CFIC has been working with other secular organizations to promote a petition to end the public funding of separate Catholic school boards. We have been able to extend the deadline for submissions. If you can possibly obtain more signatures, please do.
We have received some questions about the petition and are happy to provide some answers:
Q – Why do we have to use a paper copy and mail it?
A – This standard requirement comes from the Province of Ontario.
Q – I’ve e-signed government petitions in the past. What’s different now?
A – The Federal government permits the use of e-petitions. They may also be used by other provinces. However, the Province of Ontario only accepts paper copies of petitions with original signatures.
Q – Why not just use an online petition program?
A – Online petitions are a way for people to express an interest in a topic. However, they have no legal standing and generally are not helpful in promoting a cause.
Q – Alberta and Saskatchewan also have publicly funded Catholic school boards. Why is this petition only for Ontario?
A – One of our members arranged to have a petition presented to the Legislative Assembly in Ontario. We have supported this member to get signatures. We would welcome the opportunity to support similar endeavours in Alberta and Saskatchewan.
Q – You say funding the Catholic school board in Ontario costs $1.5 billion. How did you arrive at this number?
A – This is a lengthy answer. The figure of $1.5 billion a year comes from the Federation of Urban Neighbourhoods of Ontario, Ontario Public and Catholic School Merger Study, March 2012.
On the one hand, there have been some board mergers that have reduced the amount spent on board trustees, their administrative staff, etc. On the other hand, there has been inflation. So it is hard to say exactly what the current figure is, especially because the provincial government is not, shall we say, transparent about exactly what the money is spent on, beyond the broad categories. Further, Catholic school boards go across the same geographical area as public school boards. Ontario spends more money on the costs associated with having more than one board than if there were only one board for all English-speaking schools.
We also know that in general, boards with fewer students (up to a certain size) spend more money per student on administrative costs than boards with more students. All boards, no matter how few students, have certain costs: salaries of trustees and their administrative staff; facilities for the board and their administrative staff; superintendents of education and their staff; supplies and IT support across the board.
Especially outside the large cities, the cost per student of the smaller Catholic school board is more than its corresponding public school board. And even the public school board spends more per student than it would if all the students in the geographical area were represented by one board. It may be that the Catholic school board spends more per student than the public school board. This might not apply to boards such as Toronto, where even the Catholic school board is quite big. Merging would not necessarily bring economies of scale. But it would apply to enough boards that there would be savings.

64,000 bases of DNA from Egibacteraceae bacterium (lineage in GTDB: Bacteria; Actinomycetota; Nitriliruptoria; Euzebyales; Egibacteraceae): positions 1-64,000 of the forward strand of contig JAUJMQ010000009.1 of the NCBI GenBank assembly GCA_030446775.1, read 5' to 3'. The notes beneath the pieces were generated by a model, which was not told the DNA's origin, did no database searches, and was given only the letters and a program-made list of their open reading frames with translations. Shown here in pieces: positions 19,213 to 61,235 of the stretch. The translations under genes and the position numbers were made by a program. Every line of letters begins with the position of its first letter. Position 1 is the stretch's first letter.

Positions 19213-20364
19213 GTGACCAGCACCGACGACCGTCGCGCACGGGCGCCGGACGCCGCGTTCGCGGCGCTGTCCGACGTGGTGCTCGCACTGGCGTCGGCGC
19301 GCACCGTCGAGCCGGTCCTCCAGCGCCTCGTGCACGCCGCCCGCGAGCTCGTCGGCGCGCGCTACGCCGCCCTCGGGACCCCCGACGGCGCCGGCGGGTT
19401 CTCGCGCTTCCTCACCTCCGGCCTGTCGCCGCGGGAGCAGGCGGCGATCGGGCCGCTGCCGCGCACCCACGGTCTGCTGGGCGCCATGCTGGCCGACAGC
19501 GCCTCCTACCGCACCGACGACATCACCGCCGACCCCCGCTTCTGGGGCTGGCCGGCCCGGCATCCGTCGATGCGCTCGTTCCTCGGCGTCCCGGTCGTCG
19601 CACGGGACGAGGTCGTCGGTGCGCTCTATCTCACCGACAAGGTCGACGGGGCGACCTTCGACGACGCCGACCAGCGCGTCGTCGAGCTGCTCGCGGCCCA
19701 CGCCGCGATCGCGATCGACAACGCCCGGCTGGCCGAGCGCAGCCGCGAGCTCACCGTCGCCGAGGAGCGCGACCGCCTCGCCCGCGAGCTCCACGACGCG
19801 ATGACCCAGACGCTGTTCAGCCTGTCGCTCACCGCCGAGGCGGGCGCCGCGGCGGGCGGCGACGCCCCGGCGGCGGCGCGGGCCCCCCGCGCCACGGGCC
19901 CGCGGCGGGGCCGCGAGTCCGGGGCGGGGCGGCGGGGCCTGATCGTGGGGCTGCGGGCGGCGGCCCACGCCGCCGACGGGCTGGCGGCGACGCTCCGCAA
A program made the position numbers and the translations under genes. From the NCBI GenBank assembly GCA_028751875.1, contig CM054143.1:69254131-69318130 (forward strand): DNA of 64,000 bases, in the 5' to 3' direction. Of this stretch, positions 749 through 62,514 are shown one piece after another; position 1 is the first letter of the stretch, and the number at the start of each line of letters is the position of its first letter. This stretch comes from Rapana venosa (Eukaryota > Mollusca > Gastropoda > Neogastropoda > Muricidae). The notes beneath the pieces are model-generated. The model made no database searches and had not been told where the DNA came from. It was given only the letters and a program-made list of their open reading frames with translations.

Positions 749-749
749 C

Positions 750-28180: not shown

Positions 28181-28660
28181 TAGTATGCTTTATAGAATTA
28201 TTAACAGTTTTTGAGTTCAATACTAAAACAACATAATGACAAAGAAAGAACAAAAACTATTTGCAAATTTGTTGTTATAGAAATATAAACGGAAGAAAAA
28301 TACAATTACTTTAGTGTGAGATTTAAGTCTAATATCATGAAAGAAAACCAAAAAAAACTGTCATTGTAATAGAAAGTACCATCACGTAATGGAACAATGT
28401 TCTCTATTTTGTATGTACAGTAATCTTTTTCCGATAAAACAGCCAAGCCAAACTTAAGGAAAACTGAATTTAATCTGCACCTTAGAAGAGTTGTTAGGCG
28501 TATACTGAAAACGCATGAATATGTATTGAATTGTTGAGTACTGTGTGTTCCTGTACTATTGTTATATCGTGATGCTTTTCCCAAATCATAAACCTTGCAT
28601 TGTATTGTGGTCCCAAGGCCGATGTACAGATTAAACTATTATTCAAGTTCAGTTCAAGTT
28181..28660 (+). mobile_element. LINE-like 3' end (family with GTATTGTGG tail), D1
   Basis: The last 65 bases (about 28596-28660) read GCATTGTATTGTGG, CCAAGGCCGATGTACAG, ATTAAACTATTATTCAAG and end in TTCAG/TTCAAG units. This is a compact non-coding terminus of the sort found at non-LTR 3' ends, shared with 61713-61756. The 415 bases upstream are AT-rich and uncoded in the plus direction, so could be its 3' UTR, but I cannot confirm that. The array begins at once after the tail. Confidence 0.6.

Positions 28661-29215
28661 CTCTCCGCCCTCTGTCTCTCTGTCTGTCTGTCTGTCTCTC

The costs of bus transportation per student in Catholic school boards is generally higher than the costs of bus transportation in public school boards because they have to transport fewer students over the same area. And even public school boards might spend more on bus transportation (drivers, fuel, vehicle maintenance) than they would in an amalgamated system, because the closest publicly funded school may be a Catholic school with relatively inflated costs.
Savings would be based on eliminating duplicate administration costs, facility costs, and excess transportation costs. And of course there would be economies of scale in purchasing supplies, etc. Further, there may be under-utilized schools near each other — one in the Catholic school board, and one in the public school board. With one public school system, one school might be able to be closed, without requiring students to travel any farther.
Suppose there were two fire services over the same geographical area. One was for everyone including Catholics, and the other one only for Catholics. Each had their own administration, fire stations, supplies, etc. And when there was a fire, instead of the closest fire station sending out a fire engine, it would depend on which fire service you were affiliated with. Wouldn’t we all agree that this makes no sense?
If all Ontario students in the English boards went to one school, there could be enough students to provide a wide variety of courses at a local high school in each town. But because the students are split between two English boards, neither board has enough students to keep the schools going in the local towns.
We are proposing one public school system with English and French boards.
Please print the petition, sign, get others to sign, and (this is the most important part) return your signed petitions by mail to:
Petitions ℅ Centre for Inquiry Canada PO Box 83045, Ottawa RPO Bank & Walkley Ontario K1V 1A3
We would like to receive the petitions as soon as possible, but if you have an opportunity to get more signatures, hang on to them just a bit longer.
Please do not change or annotate the petition. Any changes, including written notations, may invalidate the form, including all signatures on the page. If you have additional questions please contact Petitions@Centreforinquiry.ca.